Or, of course, it could have been an Actual Dragon!

The discussion also touched, without definite results, on whether the fell beasts that the Nazgul ride on in ROTK were some form of Dragons, or at least Cold-Drakes. It seems they came from Angband, which is where (if memory serves me right) Morgoth created the Orcs from tortured Elves. Perhaps he also tortured Cold-Drakes into submission there? Was the great prison of Angband maybe Morgoth's Genetic Manipulation Laboratory?

On a related note, Smaug the Magnificent has recently been in the world news as well - he's made the top spot at the Forbes Rich List! Well, the Forbes Fictional 15, at least. Last year, he only made spot #7, although that appears to have been based on wrong assumptions of his wealth, and miscalculations. I'm impressed that the list has been modified, and he now claims his rightful spot at the top of the list! They don't call him The Magnificent for nothing!

During the course of the afternoon, it was mentioned that both Wayne and Iain had appeared in LOTR. Of course, since I had the Extended Editions on my iPad, that started a quick search for them both - and with success! Wayne is very easy to spot, and most people will probably remember his moment at the start of the Helm's Deep battle - Aragorn tells the archers to "Fire!", and Wayne repeats the call, moments later. Yes, the eye-patch is indeed real, and my guess is that Peter Jackson saw the appeal of Wayne's unusual look to give the battle an edgier, more visceral visual style.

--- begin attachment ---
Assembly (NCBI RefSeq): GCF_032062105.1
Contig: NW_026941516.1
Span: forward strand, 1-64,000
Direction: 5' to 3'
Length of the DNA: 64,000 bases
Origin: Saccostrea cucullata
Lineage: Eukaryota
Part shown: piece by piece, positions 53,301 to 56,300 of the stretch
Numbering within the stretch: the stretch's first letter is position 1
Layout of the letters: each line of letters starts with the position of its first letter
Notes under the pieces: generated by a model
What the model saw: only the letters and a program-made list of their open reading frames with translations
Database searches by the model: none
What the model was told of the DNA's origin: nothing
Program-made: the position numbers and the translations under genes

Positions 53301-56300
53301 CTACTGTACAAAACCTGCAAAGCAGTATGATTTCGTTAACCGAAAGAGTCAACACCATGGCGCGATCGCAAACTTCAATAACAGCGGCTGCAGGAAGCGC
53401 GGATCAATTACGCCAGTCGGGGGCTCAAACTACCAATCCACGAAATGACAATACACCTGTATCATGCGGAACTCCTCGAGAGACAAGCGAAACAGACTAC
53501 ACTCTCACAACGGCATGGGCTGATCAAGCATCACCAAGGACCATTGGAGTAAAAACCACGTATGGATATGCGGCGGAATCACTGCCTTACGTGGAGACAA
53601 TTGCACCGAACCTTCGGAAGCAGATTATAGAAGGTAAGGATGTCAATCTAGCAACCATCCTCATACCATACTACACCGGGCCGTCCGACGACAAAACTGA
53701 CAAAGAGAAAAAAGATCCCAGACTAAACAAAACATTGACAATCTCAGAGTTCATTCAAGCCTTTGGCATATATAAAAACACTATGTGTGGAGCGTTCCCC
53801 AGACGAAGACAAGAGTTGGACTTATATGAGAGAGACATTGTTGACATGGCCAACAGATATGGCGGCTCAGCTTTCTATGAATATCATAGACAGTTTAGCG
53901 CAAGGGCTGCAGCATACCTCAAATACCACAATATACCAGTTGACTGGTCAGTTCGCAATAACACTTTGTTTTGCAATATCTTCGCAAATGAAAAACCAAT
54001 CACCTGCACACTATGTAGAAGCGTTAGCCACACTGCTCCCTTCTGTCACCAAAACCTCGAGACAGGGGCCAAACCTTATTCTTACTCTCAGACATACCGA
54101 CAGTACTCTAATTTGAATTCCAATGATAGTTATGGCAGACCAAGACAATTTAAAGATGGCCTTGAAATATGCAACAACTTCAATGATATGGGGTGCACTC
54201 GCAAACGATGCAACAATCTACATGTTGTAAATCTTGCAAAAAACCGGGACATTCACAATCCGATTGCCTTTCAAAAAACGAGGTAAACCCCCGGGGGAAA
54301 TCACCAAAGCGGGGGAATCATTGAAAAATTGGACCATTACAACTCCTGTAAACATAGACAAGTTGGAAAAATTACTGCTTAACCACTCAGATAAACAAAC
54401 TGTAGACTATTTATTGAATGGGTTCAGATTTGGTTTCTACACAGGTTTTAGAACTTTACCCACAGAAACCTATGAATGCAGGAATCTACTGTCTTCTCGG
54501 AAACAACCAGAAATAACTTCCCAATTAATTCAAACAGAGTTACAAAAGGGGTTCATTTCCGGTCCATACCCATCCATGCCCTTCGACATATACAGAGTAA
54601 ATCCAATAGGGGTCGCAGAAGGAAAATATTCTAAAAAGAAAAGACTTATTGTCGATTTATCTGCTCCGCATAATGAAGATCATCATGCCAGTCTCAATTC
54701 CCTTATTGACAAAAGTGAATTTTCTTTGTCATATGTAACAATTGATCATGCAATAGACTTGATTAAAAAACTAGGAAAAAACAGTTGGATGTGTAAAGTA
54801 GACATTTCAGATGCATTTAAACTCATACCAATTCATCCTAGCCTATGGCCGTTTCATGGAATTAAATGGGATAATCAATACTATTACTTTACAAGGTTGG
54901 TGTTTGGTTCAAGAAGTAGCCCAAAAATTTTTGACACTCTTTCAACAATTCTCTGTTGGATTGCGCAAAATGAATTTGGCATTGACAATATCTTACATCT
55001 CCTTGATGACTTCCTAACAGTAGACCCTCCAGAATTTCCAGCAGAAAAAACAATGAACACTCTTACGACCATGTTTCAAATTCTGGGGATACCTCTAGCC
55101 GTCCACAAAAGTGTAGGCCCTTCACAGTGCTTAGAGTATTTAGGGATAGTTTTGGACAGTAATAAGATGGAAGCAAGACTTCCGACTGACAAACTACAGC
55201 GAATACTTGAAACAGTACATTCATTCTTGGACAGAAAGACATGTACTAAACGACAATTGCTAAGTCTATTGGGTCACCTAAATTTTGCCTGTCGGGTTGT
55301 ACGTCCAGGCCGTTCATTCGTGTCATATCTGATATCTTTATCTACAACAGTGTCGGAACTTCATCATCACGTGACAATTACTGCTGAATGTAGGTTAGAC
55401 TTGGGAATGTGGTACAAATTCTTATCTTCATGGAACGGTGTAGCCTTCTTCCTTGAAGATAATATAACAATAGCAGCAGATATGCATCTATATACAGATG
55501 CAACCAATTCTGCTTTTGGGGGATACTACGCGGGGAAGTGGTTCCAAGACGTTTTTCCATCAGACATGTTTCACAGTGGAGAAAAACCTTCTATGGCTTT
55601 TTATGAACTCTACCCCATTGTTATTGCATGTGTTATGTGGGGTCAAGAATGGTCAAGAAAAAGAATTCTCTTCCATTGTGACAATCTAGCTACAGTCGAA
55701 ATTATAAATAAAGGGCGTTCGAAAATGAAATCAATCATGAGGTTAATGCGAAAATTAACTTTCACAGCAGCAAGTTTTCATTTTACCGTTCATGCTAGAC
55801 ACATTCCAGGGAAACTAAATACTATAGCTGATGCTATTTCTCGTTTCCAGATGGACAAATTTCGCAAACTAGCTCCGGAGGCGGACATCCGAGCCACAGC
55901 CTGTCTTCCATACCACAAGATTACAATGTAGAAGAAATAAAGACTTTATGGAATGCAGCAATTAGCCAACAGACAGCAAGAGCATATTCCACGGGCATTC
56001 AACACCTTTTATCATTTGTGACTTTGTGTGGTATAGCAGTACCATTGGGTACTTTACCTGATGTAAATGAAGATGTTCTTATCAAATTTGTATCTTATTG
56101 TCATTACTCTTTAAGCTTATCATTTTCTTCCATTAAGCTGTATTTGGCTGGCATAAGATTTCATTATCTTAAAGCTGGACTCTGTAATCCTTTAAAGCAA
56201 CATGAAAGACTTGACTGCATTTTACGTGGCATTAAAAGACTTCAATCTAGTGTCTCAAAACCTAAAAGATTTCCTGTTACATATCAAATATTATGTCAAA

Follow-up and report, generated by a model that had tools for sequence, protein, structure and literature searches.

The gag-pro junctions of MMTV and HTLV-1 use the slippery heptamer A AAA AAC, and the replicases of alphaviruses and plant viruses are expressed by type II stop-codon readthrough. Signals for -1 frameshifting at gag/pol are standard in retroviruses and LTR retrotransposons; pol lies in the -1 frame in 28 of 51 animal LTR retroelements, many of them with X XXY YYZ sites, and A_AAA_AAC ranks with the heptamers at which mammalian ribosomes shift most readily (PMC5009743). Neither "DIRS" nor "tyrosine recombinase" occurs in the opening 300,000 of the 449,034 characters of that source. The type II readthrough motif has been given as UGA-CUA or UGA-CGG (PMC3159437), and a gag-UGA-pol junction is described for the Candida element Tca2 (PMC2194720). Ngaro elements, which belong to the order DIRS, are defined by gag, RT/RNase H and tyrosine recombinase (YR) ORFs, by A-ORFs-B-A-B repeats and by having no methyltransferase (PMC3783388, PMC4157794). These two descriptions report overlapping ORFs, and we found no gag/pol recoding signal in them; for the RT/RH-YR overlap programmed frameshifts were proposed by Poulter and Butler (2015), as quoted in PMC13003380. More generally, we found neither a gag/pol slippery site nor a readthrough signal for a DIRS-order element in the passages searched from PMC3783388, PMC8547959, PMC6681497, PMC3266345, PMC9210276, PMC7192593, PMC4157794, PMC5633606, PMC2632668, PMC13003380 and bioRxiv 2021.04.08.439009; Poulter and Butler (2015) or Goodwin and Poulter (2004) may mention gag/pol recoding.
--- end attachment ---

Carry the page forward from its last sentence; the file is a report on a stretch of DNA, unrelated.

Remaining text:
Wayne with his signature moment


 Iain was harder to find, although also a nice important moment in the ROTK - moments after Arwen and Aragorn kiss after the Coronation, Elrond smiles the smile of a proud dad, and on the left side of the screen, behind Elrond's Elven neighbour, you can see Iain quite clearly (click on the picture for a better view)

Iain, after Aragorn's Coronation scene

Iain is on the far left, with the cool hat (click for a better view).

All in all, it was a very successful meeting. We met, shared stories, discussed the theme, and most importantly, generally had a great time of it. Thanks to everyone who attended, and made it all possible! Thanks also to the Embassy Theatre staff and their excellent coffee and cake - it was enjoyed by all! And to those who couldn't make it - there's always a next time -  the next meeting will be on July the 1st.

  - Jack Machiela

Wednesday, April 25, 2012

Heads up people - next meeting approaches!

The next Welly-moot meeting is coming up this Sunday, 29th of April, starting at 2:00pm, upstairs at the Embassy Theatre. The theme of the meeting will be Dragons, and it sounds like there's going to be a few different takes on the subject.